Annabelle Boudinot, second in command, and Marco Simeoni, President of the Foundation, were invited by journalists from the local radio station on Robinson Crusoe Island to give an account of the state of the plastics in the Oceans and present the Race for Water Foundation’s missions. Annabelle shares her experience
We meet in the central square and a pick-up draws up and hails us. We begin the climb: “Since the tsunami the population has lived up in the hills and only shops and businesses set themselves up at sea level,” the driver explains.
Indeed, in 2010, a devastating 12-metre wave surprised the inhabitants whilst they slept… Since then, the local authorities have taken steps and the population lives up in the hills; only the shops and businesses remaining low down. A rocky mud track leads us towards the radio station and the engine roars during some of the hill starts. Shaken about, we quickly switch to 4×4 mode.
We pull up in front of a small house overlooking a big antenna. The view across the bay is fabulous, the ocean oscillating between deep blue and a greeny-blue, the earth drawing on the ochre, tinged green by the conifers. The reddy-orange flowers add a few bold splashes of colour. The island’s vegetation reminds me of Madeira, hardy and Mediterranean-like.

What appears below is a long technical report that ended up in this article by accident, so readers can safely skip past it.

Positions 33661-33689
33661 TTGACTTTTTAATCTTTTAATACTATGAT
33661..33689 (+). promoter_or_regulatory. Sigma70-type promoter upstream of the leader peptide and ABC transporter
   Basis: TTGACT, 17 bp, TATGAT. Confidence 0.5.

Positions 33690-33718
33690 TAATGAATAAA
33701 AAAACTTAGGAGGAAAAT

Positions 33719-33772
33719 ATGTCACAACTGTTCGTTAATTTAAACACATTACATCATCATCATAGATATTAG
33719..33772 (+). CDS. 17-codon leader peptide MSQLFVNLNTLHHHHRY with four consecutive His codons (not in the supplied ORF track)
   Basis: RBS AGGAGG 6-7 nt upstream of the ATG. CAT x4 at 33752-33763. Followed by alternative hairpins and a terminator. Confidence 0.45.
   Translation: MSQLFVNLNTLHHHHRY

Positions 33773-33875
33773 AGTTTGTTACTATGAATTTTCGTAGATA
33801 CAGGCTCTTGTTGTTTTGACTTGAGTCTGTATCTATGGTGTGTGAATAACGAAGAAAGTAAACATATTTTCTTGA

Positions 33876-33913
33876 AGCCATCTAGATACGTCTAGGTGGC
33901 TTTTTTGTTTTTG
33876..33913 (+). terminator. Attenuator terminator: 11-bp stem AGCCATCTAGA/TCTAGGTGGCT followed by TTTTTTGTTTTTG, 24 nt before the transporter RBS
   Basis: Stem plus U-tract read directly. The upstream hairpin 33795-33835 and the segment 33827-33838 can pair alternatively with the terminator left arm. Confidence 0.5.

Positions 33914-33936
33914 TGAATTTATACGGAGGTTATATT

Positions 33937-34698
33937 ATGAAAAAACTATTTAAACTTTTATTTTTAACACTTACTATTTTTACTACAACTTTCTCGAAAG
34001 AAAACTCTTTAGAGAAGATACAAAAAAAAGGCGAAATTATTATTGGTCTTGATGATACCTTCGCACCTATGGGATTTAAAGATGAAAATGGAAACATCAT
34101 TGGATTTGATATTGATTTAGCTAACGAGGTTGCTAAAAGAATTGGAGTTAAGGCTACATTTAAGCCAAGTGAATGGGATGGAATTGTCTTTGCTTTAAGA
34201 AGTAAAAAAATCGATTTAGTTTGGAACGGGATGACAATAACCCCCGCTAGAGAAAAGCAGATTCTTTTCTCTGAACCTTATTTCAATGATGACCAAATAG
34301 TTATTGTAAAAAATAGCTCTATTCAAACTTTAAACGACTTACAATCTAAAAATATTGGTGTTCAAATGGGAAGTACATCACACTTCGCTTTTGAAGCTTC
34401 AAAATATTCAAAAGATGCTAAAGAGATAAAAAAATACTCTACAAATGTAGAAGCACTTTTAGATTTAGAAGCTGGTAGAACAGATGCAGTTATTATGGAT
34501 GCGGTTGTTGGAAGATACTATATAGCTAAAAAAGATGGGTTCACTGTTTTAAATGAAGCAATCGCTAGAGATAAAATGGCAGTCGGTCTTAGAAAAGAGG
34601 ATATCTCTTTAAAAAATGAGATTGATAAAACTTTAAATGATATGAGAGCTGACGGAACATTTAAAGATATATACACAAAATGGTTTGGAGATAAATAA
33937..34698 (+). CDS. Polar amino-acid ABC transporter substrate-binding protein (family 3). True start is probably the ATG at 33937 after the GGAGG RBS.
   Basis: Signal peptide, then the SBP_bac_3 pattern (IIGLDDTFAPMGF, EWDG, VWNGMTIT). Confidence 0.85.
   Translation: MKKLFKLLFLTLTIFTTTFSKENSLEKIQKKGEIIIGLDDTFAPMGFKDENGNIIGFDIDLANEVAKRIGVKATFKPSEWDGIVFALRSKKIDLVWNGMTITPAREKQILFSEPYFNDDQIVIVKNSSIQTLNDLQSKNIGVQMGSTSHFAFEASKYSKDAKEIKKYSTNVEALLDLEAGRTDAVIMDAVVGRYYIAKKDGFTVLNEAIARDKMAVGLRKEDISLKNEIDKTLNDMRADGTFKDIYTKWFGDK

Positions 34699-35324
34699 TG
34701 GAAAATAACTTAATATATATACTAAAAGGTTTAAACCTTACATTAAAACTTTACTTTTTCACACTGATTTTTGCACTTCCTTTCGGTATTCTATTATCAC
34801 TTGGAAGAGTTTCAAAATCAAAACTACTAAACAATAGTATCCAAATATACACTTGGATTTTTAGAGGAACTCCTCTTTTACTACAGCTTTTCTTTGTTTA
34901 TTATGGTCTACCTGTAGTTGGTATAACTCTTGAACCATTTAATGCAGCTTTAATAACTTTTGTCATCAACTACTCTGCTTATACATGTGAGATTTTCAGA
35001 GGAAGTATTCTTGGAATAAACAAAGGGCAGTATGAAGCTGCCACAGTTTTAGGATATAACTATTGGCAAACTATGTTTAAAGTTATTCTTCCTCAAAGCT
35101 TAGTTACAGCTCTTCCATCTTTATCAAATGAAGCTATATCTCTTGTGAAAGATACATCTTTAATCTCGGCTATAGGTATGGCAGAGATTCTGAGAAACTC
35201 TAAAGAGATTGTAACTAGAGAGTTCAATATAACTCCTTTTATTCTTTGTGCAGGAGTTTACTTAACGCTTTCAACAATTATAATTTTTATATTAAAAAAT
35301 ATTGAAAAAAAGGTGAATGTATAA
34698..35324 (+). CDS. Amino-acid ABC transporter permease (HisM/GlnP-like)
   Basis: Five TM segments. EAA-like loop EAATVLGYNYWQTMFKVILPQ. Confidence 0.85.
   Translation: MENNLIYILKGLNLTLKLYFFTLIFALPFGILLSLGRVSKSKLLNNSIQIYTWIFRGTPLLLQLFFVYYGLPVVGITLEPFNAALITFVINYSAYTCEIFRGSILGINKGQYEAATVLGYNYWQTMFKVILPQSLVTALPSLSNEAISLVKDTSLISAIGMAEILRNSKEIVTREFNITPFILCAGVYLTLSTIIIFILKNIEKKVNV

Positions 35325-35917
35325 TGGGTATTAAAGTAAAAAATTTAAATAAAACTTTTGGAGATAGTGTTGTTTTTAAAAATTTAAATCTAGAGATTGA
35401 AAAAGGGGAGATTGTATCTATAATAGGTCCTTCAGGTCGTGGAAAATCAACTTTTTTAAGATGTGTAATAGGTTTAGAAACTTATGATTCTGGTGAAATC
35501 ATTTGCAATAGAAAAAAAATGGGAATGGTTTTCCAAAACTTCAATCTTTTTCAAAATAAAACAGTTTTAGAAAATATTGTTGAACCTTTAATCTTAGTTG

The house is only lived in over the summer months with a very simple kitchen and a small lounge with a breathtaking view. There are decorations made from bubbles of blown glass. The local journalist explains: “They wash up on our beaches, but we don’t know where they come from!” To my mind, they are from fishing net floats; who knows, as we make our way back up the Pacific, perhaps we’ll discover their origin!
We enter ‘the studio’; one table, two chairs, a computer broadcasting music over the airwaves, and a rudimentary mixing desk.
“This station was fitted out by an amateur radio operator who made landfall on the island. He left us the equipment so we could create this radio station, which is obviously the only one on the island! We broadcast music on Fridays and we have an hour-long programme where the topic is open. This week the topic will be Race for Water. Twice a week, the island’s news is read out! If people want to make something known, they’re free to do so.”
We’re joined by two women, who are also in charge of the interview and the broadcast and naturally everyone is an amateur. There is a great deal of enthusiasm and pleasure! With an hour-long live broadcast, our arrival is appreciated!
On the way back, we stop off at the waste collection centre… And there we get a glimpse of another reality… Stay tuned for the next episode!